Cellist connects with technology and rock

Photo courtesy of Maya Beiser

The world-renowned Israeli-American cellist, Maya Beiser, took over Tech’s Ferst Center for the Arts on March 5 with her rousing solo performance.

Beiser uses cutting-edge musical technology to record herself playing six different parts in Bach’s “Air on G,” then performs the final seventh part live accompanied by videos of the previously-recorded parts projected behind her.

“I think creativity and technology are very compatible; what interests me specifically is the human quality of the interaction that we have with technology,”  Beiser said. “I love the work with this beautiful acoustic instrument and connecting that with technology to see where that takes me. It’s that collision where humanity and technology connect that creates really amazing possibilities.”

This passion for music that has taken her all over the world is something that has driven her since childhood. Maya Beiser grew up in a commune (called a kibbutz) in Israel where her parents and everyone else spent all of their free time creating music. If it sounds like a musician’s paradise, Maya disagreed.

“When they found out I have perfect pitch, they suggested I play the violin; … but I’m a fighter, and I wanted to play the cello,” she said.

Beiser’s cello lessons turned into a chance to tour with her teacher, playing classical music all over the world. This continued until an adolescent Maya discovered rock music.

“There was a dichotomy between my interest in progressive rock and oral music and theater and art and the classical cellist; … I didn’t just want to continue with this mold that I knew or that was expected of me. I wanted to recreate things my own way.”

After this epiphany, Maya began pushing the bounds of her instrument, searching for new ways to express herself and create music. She has recently teamed up with avant-garde filmmaker Bill Morrison to challenge the norm of writing music to embellish a movie. As she exhibited in her show “Films for Cello,” which she performed here on campus in addition to Bach’s “Air on G,” film can be used to enhance the auditory experience of an instrumental performance.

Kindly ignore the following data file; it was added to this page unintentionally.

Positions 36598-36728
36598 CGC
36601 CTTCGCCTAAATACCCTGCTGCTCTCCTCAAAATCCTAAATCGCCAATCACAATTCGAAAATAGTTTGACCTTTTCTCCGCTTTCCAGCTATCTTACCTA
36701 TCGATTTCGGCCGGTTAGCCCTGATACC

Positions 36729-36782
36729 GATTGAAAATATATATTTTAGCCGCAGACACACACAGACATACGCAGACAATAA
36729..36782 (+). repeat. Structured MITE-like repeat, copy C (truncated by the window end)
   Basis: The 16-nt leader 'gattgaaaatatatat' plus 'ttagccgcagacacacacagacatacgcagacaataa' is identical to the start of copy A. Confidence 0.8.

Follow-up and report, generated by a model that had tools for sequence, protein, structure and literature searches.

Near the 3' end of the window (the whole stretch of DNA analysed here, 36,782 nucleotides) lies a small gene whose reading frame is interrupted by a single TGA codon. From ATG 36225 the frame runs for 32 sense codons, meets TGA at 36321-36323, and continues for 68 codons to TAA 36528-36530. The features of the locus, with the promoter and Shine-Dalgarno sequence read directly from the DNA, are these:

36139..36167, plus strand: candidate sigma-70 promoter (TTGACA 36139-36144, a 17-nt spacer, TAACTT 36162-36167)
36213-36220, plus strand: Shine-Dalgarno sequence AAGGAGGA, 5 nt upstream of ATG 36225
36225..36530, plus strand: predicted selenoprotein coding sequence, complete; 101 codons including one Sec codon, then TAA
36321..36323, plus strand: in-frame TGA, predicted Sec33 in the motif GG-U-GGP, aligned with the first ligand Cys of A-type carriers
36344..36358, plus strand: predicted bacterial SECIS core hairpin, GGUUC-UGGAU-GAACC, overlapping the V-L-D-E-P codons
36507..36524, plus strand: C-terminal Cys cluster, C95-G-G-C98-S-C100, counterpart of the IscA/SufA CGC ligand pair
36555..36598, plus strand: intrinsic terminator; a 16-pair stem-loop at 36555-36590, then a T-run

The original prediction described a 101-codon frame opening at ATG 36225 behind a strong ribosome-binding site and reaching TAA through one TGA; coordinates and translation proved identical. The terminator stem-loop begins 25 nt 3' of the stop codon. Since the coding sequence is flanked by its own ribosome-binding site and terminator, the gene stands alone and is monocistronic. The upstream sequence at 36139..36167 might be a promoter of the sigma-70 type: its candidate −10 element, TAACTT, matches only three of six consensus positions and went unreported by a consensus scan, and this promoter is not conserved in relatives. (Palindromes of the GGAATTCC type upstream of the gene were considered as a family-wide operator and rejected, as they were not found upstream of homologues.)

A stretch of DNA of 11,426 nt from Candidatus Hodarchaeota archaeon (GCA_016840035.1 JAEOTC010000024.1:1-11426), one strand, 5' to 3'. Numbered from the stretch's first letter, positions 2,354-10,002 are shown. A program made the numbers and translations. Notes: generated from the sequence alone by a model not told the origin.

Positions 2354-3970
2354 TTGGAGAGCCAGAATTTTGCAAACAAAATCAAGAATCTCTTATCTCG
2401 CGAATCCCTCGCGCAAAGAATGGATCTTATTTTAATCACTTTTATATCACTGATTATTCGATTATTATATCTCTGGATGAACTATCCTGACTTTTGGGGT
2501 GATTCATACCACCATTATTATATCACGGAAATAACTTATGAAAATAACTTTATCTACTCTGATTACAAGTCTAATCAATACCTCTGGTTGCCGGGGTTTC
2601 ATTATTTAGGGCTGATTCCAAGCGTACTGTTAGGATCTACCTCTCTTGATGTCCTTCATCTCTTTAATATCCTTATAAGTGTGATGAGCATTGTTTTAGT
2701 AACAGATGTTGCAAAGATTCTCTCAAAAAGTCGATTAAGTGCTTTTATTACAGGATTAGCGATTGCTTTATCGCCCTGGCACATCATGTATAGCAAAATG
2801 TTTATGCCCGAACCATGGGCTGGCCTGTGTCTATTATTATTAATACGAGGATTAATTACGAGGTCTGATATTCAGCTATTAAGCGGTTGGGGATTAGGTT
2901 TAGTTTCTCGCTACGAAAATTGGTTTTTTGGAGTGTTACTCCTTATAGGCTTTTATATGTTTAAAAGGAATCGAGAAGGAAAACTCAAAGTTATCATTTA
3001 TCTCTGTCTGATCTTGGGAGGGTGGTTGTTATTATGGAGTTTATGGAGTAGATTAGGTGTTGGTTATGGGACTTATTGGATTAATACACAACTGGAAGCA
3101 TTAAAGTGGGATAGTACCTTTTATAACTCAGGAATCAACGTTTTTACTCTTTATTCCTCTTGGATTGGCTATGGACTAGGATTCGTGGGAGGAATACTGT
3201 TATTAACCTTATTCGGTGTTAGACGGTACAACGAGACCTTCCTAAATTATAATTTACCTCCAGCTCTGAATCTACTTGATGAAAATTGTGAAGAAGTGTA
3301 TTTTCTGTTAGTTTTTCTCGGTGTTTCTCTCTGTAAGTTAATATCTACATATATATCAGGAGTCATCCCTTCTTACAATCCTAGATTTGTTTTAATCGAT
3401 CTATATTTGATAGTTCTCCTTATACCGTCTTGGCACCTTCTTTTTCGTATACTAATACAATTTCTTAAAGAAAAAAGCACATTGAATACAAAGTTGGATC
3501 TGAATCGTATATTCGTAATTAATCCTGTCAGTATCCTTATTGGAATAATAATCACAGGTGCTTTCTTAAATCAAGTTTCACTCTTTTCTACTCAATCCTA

Beiser also enjoys exploring different parts of her heritage through her music. With pieces like Mohammed Fairouz’s new “Kol Nidrei,” the cellist revisits her childhood in Israel through the musical interpretation of the central prayer of the Yom Kippur service.

These influences and her experimentation with new technologies have made her the perfect fit for an environment like Tech, and she wowed the audience with her incredible talent. For those who would like to hear more, Maya dropped hints in her interview about her upcoming summer album.

“I don’t want to say too much about this album but it’s cool; … it’s very trance-y.”

Although Maya Beiser will not be performing another show at Tech this year, the Ferst Center has many unique shows with artists who are at the cutting edge of technology and art. Tech students get $10 tickets to all performances, and the Ferst often offers discount tickets close to the show date.